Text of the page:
Greece: A tiny part of an enormous, economy-threatening problem

For the past two years, the European Union and its many member-nations have been stumbling between near-collapse and apparent stability. It all began in the spring of 2010, when the political class of Greece admitted that its finances were, for lack of a better phrase, a complete sham. Years of gratuitous borrowing and dwindling revenues – with budget gaps filled by more debt – led to a slow rot of the government's ability to function.

Two successive bailouts numbering in the hundreds of billions of euros, as well as an all-but-mandatory "voluntary" private debt restructuring, have strung the process along. Yet, Greece remains a nation with a debt-to-GDP ratio of more than 160 percent.

As we head into the winter following the distraction of U.S. elections, Europe's systemic fiscal and monetary issues are becoming the focus of the media and, true to form, Greece is once again the center of attention.

This time the market's anxieties relate to an upcoming report about the health of the Grecian economy and the status of promises made to impose austerity: a mix of tax increases, budget cuts and public employee firings intended to balance the federal budget.

The prevailing fear is that the Greeks have been lying to their creditors – the European Central Bank, the International Monetary Fund and Germany – and could soon be ejected from the Eurozone, the group of countries that share the common euro currency.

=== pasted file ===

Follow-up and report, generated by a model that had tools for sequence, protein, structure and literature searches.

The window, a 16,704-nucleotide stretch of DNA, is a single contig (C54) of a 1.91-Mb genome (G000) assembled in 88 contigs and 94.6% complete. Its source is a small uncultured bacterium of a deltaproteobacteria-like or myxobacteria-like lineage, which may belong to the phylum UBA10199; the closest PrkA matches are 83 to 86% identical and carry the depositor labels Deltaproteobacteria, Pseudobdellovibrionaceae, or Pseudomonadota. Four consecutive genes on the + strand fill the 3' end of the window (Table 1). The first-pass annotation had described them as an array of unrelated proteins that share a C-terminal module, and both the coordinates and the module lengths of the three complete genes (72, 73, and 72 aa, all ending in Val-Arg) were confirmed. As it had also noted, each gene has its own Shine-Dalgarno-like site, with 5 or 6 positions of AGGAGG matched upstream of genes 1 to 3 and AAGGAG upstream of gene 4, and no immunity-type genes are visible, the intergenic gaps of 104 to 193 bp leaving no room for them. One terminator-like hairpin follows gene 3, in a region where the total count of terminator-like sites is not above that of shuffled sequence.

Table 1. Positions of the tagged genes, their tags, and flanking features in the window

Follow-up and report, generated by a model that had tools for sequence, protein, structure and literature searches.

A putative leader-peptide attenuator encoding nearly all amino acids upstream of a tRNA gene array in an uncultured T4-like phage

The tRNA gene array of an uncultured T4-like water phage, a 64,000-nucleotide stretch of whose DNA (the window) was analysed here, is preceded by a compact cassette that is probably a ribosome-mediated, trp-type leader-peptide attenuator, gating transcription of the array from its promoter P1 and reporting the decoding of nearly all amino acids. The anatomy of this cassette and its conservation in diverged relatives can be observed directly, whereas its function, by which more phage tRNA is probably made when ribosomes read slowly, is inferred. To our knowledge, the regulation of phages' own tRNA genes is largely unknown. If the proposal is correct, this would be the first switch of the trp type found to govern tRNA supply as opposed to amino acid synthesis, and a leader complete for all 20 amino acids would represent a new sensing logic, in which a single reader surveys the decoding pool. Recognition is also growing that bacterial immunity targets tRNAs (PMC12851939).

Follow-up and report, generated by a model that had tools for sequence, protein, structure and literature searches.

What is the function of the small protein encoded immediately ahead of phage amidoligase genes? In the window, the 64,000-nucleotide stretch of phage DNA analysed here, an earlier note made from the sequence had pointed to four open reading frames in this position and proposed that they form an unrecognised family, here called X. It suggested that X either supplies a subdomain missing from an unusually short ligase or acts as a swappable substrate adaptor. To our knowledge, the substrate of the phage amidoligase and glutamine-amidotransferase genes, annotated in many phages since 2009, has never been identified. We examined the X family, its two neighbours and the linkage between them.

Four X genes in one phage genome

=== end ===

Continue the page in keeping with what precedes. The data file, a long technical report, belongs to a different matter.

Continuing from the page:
Such an action, some economists fear, would wreak havoc on the global economy. Greek banks would surely collapse, leading to widespread losses on financial institutions that hold their debt, such as larger European banks. Consequently, the U.S. banks that wrote credit-default swaps – financial insurance on those government bonds – could see their balance sheets damaged severely as well. Or, as others claim, nothing serious will happen as banks have presumably taken the time to lower their exposure to the risk of a Greece exit, known colloquially as the "Grexit."

Regardless of the outcome, it would be wise for U.S. investors to prepare for a potential knee-jerk response to a Greek financial meltdown, which could seriously impact American stock and bond markets. One way to hedge against a global economic downturn is to invest in rental properties as a form of stable income. Cash flow real estate can provide a good source of revenue for investors, though there is a bit more work involved in this form of asset ownership. Explore and get your own "Free Game Plan Report" today to learn more.